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Prevalence and energy intake from snacking in Brazil: analysis of the first nationwide individual survey.
Eur J Clin Nutr. 2013 Aug; 67(8):868-74.EJ

Abstract

BACKGROUND/OBJECTIVES

Snacking has increased globally. We examine snacking patterns and common snack foods in Brazil.

SUBJECTS/METHODS

Data from the first of two non-consecutive food diaries from 34,003 individuals (aged ≥ 10 years) in the first Brazillian nationally representative dietary survey (2008-2009) were used. Meals were defined as the largest (kcal) eating event reported during select times of the day (Breakfast, 0600-1000 hours; Lunch, 1200-1500 hours; Dinner, 1800-2100 hours); all other eating occasions were considered snacks. We estimate daily energy intake, percentage of persons consuming snacks, number of daily snacks and per capita and per consumer energy from snacks (kcal/day, kcal/snack and % of daily energy from snacks).

RESULTS

In all, 74% of Brazilians (≥ 10 years) snacked, reporting an average 1.6 snacks/day. Also, 23% of the sample were heavy snackers (≥ 3 snacks/day). Snacking accounted for 21% of daily energy intake in the full sample but 35.5% among heavy snackers. Compared with non-snackers (1548 kcal/day), light (1-2 snacks/day) and heavy snackers consumed more daily energy (1929 and 2334 kcal/day, respectively). Taking into account time of day, the largest percentage of persons reported afternoon/early evening snacking (1501-1759 hours, 47.7%). Sweetened coffee and tea, sweets and desserts, fruit, sugar-sweetened beverages, and high-calorie salgados (fried/baked dough with meat/cheese/vegetable) were the top five most commonly consumed snacks. Differences were observed by age groups. Trends in commercial sales were observed, especially for sugar-sweetened beverages.

CONCLUSIONS

Many commonly consumed snack foods in Brazil are classified, in the US, as being high in solid fats and added sugars. The public health impact of snacking in Brazil requires further exploration.

Authors+Show Affiliations

Department of Nutrition, University of North Carolina at Chapel Hill, Chapel Hill, NC 27599, USA. kduffey@unc.eduNo affiliation info availableNo affiliation info available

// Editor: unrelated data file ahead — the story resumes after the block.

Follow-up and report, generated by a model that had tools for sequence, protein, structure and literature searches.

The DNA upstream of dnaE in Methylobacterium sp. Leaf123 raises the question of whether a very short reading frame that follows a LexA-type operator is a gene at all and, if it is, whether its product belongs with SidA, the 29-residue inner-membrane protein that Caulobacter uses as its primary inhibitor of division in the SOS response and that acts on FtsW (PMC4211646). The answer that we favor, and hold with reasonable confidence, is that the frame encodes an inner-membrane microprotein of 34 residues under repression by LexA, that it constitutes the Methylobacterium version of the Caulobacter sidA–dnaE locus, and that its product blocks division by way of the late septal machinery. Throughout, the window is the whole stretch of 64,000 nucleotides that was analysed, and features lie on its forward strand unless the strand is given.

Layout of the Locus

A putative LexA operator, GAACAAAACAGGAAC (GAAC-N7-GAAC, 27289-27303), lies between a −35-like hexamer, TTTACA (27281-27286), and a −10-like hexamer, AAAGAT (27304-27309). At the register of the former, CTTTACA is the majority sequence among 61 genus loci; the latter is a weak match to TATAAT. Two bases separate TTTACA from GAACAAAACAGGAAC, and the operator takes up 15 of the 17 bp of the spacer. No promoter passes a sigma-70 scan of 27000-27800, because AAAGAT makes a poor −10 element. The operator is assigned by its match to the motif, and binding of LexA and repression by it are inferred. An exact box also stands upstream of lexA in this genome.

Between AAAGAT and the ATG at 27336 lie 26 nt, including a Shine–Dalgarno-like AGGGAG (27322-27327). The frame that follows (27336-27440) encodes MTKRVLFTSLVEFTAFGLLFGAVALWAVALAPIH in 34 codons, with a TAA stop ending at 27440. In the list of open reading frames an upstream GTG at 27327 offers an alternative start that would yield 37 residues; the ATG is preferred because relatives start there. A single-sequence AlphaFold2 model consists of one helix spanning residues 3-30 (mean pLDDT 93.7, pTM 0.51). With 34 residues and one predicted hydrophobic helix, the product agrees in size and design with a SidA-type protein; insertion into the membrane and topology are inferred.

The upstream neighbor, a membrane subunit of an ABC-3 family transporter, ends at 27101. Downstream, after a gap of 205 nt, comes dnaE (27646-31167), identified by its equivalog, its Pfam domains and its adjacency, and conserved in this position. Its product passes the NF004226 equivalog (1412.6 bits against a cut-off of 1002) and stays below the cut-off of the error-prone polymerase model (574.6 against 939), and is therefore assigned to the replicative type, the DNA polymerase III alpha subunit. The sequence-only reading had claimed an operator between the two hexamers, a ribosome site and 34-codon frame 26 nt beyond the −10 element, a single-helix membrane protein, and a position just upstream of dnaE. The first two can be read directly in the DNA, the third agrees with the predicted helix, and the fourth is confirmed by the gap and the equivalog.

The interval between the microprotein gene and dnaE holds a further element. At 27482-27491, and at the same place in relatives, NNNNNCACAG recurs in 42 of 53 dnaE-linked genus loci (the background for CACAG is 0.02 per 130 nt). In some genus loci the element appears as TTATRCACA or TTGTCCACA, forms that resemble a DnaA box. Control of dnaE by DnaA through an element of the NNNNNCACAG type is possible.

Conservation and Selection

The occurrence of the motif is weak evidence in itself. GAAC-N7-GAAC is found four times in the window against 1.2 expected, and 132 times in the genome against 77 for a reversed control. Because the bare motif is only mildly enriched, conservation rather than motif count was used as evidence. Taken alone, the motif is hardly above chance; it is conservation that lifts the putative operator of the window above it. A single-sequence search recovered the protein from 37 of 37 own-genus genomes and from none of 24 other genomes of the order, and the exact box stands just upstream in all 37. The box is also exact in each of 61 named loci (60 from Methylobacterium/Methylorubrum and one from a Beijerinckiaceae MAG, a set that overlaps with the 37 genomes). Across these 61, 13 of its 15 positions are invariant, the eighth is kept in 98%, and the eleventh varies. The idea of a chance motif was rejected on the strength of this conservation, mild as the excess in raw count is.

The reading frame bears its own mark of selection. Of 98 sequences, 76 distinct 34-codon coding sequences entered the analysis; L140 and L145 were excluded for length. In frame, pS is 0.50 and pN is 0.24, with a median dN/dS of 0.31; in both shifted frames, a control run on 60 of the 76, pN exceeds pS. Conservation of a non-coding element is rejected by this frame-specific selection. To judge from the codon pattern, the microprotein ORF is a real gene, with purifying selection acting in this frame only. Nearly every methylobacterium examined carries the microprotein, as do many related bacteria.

Pub Type(s)

Journal Article
Research Support, Non-U.S. Gov't

Language

eng

PubMed ID

23486510

Citation

Duffey, K J., et al. "Prevalence and Energy Intake From Snacking in Brazil: Analysis of the First Nationwide Individual Survey." European Journal of Clinical Nutrition, vol. 67, no. 8, 2013, pp. 868-74.
Duffey KJ, Pereira RA, Popkin BM. Prevalence and energy intake from snacking in Brazil: analysis of the first nationwide individual survey. Eur J Clin Nutr. 2013;67(8):868-74.
Duffey, K. J., Pereira, R. A., & Popkin, B. M. (2013). Prevalence and energy intake from snacking in Brazil: analysis of the first nationwide individual survey. European Journal of Clinical Nutrition, 67(8), 868-74. https://doi.org/10.1038/ejcn.2013.60
Duffey KJ, Pereira RA, Popkin BM. Prevalence and Energy Intake From Snacking in Brazil: Analysis of the First Nationwide Individual Survey. Eur J Clin Nutr. 2013;67(8):868-74. PubMed PMID: 23486510.
* Article titles in AMA citation format should be in sentence-case
TY - JOUR T1 - Prevalence and energy intake from snacking in Brazil: analysis of the first nationwide individual survey. AU - Duffey,K J, AU - Pereira,R A, AU - Popkin,B M, Y1 - 2013/03/13/ PY - 2012/08/13/received PY - 2013/02/07/revised PY - 2013/02/08/accepted PY - 2013/3/15/entrez PY - 2013/3/15/pubmed PY - 2014/2/22/medline SP - 868 EP - 74 JF - European journal of clinical nutrition JO - Eur J Clin Nutr VL - 67 IS - 8 N2 - BACKGROUND/OBJECTIVES: Snacking has increased globally. We examine snacking patterns and common snack foods in Brazil. SUBJECTS/METHODS: Data from the first of two non-consecutive food diaries from 34,003 individuals (aged ≥ 10 years) in the first Brazillian nationally representative dietary survey (2008-2009) were used. Meals were defined as the largest (kcal) eating event reported during select times of the day (Breakfast, 0600-1000 hours; Lunch, 1200-1500 hours; Dinner, 1800-2100 hours); all other eating occasions were considered snacks. We estimate daily energy intake, percentage of persons consuming snacks, number of daily snacks and per capita and per consumer energy from snacks (kcal/day, kcal/snack and % of daily energy from snacks). RESULTS: In all, 74% of Brazilians (≥ 10 years) snacked, reporting an average 1.6 snacks/day. Also, 23% of the sample were heavy snackers (≥ 3 snacks/day). Snacking accounted for 21% of daily energy intake in the full sample but 35.5% among heavy snackers. Compared with non-snackers (1548 kcal/day), light (1-2 snacks/day) and heavy snackers consumed more daily energy (1929 and 2334 kcal/day, respectively). Taking into account time of day, the largest percentage of persons reported afternoon/early evening snacking (1501-1759 hours, 47.7%). Sweetened coffee and tea, sweets and desserts, fruit, sugar-sweetened beverages, and high-calorie salgados (fried/baked dough with meat/cheese/vegetable) were the top five most commonly consumed snacks. Differences were observed by age groups. Trends in commercial sales were observed, especially for sugar-sweetened beverages. CONCLUSIONS: Many commonly consumed snack foods in Brazil are classified, in the US, as being high in solid fats and added sugars. The public health impact of snacking in Brazil requires further exploration. SN - 1476-5640 UR - https://www.unboundmedicine.com/medline/citation/23486510/Prevalence_and_energy_intake_from_snacking_in_Brazil:_analysis_of_the_first_nationwide_individual_survey_ L2 - https://doi.org/10.1038/ejcn.2013.60 DB - PRIME DP - Unbound Medicine ER -